Dutch Tilt

Jennifer Handley

Dreamed I was in the back seat of a car with Robert Downey, Jr., a big black Packard like in a James M. Cain story. We’re making a movie, we’re making out; we’re being filmed through the side window by two guys crouched behind an old-fashioned camera shaped like Mickey Mouse ears. Robert wears a white shirt. He bends over me as I fall back against the vast upholstery. There is a driver, black suit and skinny tie, half turned in his seat. He gestures, and we look behind us, and framed in the back window is the top half of a huge rising moon, craters visible on its surface, moonlight shining in so that Robert’s white shirt glows and glows, the light nearly shattering the blue glass of my eyes.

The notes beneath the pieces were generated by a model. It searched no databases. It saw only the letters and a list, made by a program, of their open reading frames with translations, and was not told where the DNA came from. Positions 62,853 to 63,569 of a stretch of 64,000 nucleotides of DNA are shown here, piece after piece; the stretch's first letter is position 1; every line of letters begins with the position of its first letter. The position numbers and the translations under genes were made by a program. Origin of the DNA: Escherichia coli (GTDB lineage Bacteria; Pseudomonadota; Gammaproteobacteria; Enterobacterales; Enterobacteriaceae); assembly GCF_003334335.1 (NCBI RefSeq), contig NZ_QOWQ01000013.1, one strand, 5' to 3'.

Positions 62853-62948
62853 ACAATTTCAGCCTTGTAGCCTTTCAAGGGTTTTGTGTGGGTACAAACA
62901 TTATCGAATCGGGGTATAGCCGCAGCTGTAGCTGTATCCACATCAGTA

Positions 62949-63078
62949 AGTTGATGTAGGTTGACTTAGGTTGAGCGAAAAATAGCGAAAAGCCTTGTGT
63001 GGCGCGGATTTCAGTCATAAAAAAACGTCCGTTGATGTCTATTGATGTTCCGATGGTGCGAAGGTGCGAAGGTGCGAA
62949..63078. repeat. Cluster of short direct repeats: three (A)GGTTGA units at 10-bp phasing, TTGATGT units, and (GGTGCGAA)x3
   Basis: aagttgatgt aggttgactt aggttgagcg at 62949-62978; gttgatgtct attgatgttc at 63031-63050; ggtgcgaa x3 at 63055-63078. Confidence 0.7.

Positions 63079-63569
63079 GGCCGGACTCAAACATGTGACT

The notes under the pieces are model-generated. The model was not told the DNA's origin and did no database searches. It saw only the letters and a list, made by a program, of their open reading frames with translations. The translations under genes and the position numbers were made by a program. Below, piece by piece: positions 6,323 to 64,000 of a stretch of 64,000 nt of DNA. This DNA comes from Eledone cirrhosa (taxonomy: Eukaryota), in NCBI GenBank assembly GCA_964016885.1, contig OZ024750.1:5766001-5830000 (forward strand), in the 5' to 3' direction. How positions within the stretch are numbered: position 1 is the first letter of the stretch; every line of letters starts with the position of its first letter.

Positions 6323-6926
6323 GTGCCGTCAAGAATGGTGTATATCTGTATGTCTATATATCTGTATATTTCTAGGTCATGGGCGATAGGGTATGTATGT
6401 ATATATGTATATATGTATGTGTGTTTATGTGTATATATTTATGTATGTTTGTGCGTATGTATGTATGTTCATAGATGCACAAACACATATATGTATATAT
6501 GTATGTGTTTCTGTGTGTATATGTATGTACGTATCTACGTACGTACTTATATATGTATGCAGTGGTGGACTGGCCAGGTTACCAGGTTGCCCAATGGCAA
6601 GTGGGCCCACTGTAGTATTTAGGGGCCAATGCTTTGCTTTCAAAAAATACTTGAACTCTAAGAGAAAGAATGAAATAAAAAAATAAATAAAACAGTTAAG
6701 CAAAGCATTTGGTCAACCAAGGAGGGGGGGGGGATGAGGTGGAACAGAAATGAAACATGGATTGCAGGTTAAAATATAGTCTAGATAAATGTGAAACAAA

Dutch tilt: In film, when the frame is canted at an angle to the horizon, so that the image in the frame is “tipped” to one side. Denotes giddiness, disorientation, a strange perspective, an altered state.

Jennifer Handley writes and teaches writing in northwest Washington State. Her work has most recently appeared in 100 Word Story. Her essays have also appeared in Puerto del Sol, Calapooya Collage and Trestle Creek Review.


  1. I really like this. Given the richness of description in the poem, I don’t think you need the audible footnote. Love the last line. ” the light nearly shattering the blue glass of my eyes.”

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